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Chasing Papi


Chasing Papi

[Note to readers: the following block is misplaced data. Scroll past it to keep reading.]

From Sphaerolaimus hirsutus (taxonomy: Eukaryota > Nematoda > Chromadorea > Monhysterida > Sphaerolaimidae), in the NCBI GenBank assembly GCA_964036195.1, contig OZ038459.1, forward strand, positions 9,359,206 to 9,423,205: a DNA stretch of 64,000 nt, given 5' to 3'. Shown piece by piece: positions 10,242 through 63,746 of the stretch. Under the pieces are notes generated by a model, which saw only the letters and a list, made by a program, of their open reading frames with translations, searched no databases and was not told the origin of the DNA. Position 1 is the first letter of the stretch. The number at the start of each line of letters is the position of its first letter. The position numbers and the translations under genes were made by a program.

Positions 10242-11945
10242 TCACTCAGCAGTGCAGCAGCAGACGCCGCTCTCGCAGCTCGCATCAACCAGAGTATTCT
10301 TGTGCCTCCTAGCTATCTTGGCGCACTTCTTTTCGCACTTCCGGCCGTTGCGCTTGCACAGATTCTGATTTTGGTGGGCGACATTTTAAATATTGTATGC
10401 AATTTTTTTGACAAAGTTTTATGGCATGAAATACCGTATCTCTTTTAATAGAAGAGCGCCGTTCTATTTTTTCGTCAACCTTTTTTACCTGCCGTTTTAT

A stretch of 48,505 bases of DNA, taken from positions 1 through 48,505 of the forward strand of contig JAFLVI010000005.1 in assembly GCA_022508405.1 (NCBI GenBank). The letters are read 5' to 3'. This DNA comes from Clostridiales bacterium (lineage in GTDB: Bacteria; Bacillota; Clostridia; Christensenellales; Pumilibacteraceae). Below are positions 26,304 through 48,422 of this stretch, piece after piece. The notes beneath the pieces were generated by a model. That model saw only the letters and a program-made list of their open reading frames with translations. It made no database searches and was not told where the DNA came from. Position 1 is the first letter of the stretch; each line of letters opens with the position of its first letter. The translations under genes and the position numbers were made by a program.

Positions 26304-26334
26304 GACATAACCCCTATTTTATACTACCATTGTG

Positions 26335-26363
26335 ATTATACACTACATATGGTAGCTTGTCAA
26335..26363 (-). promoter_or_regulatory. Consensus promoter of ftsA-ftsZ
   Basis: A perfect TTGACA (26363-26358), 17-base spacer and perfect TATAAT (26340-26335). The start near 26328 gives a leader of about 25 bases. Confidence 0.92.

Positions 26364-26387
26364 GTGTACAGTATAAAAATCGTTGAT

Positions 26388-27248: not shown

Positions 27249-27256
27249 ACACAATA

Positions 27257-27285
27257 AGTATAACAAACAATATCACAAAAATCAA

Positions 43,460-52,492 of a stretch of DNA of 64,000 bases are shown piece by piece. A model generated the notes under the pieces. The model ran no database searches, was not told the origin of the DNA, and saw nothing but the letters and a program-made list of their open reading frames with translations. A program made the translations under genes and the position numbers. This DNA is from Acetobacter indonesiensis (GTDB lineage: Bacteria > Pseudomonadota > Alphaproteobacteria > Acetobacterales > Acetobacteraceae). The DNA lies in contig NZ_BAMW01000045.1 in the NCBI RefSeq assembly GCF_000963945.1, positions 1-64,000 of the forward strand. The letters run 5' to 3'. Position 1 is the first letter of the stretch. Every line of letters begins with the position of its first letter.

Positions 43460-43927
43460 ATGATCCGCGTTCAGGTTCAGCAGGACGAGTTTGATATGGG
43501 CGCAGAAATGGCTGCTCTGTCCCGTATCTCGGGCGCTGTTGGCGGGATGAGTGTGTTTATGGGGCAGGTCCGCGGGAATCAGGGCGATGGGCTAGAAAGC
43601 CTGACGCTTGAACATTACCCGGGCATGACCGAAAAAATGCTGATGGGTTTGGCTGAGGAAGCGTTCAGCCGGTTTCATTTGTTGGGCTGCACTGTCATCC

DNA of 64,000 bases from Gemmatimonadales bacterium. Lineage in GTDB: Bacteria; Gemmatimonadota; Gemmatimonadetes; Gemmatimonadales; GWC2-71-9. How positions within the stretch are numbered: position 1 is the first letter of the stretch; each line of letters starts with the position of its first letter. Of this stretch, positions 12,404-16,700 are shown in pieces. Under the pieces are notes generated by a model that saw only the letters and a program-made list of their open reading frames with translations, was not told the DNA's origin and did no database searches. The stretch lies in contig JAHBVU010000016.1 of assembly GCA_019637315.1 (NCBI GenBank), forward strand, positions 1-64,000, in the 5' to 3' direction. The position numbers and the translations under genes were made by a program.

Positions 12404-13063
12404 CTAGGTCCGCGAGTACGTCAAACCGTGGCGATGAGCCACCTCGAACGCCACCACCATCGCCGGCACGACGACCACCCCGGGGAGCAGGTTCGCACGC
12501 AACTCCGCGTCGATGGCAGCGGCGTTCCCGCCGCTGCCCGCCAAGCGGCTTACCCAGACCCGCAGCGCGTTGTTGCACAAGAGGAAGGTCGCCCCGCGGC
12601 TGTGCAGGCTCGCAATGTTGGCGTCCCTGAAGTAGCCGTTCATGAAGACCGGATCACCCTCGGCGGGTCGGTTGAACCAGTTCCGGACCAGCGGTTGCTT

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There's no shortage of chasing in the frenetic comedy Chasing Papi, even though the titular "Papi" spends much of the film in a tranquilizer-induced coma. He doesn't miss much. Short for "Papi Chula," which roughly translates as "mack daddy," the name refers to Eduardo Verástegui, a jet-setting executive so attractive to women that, in one throwaway gag, even a nun considers giving up her vows for him. Had she made good on the notion, she would have had to wait in line. Happily dating three women in three different cities, Verástegui already has his hands full, though his lascivious lifestyle catches up with him quickly when tempestuous Miami resident Sofia Vergara, brainy Chicagoan Roselyn Sanchez, and sophisticated New Yorker Jaci Velasquez all simultaneously converge on his Los Angeles home. Much screaming and falling down follows, and soon the women are toting Verástegui's unconscious body around town as they attempt to elude the police and a pair of hapless drug dealers (Freddy Rodríguez and D.L. Hughley). The cast is composed largely of established Latino TV stars (Vergara) and pop idols (Verástegui and Velasquez), and much of Chasing Papi seems based on the notion that their fans will adore simply seeing them in a movie. But the fun wears thin once it becomes clear that the only trick the film has to offer is footage of the women fighting and bonding over their shared love of the handsome but uncharismatic Verástegui. Veteran television director Linda Mendoza (The Bernie Mac Show, Grounded For Life) keeps Chasing Papi slick and fast, using fluffy '50s and '60s comedies as her model. A mincing Paul Rodriguez makes a poor substitute for Tony Randall, however, and there's something amiss when a Pomeranian provides the film's only laugh.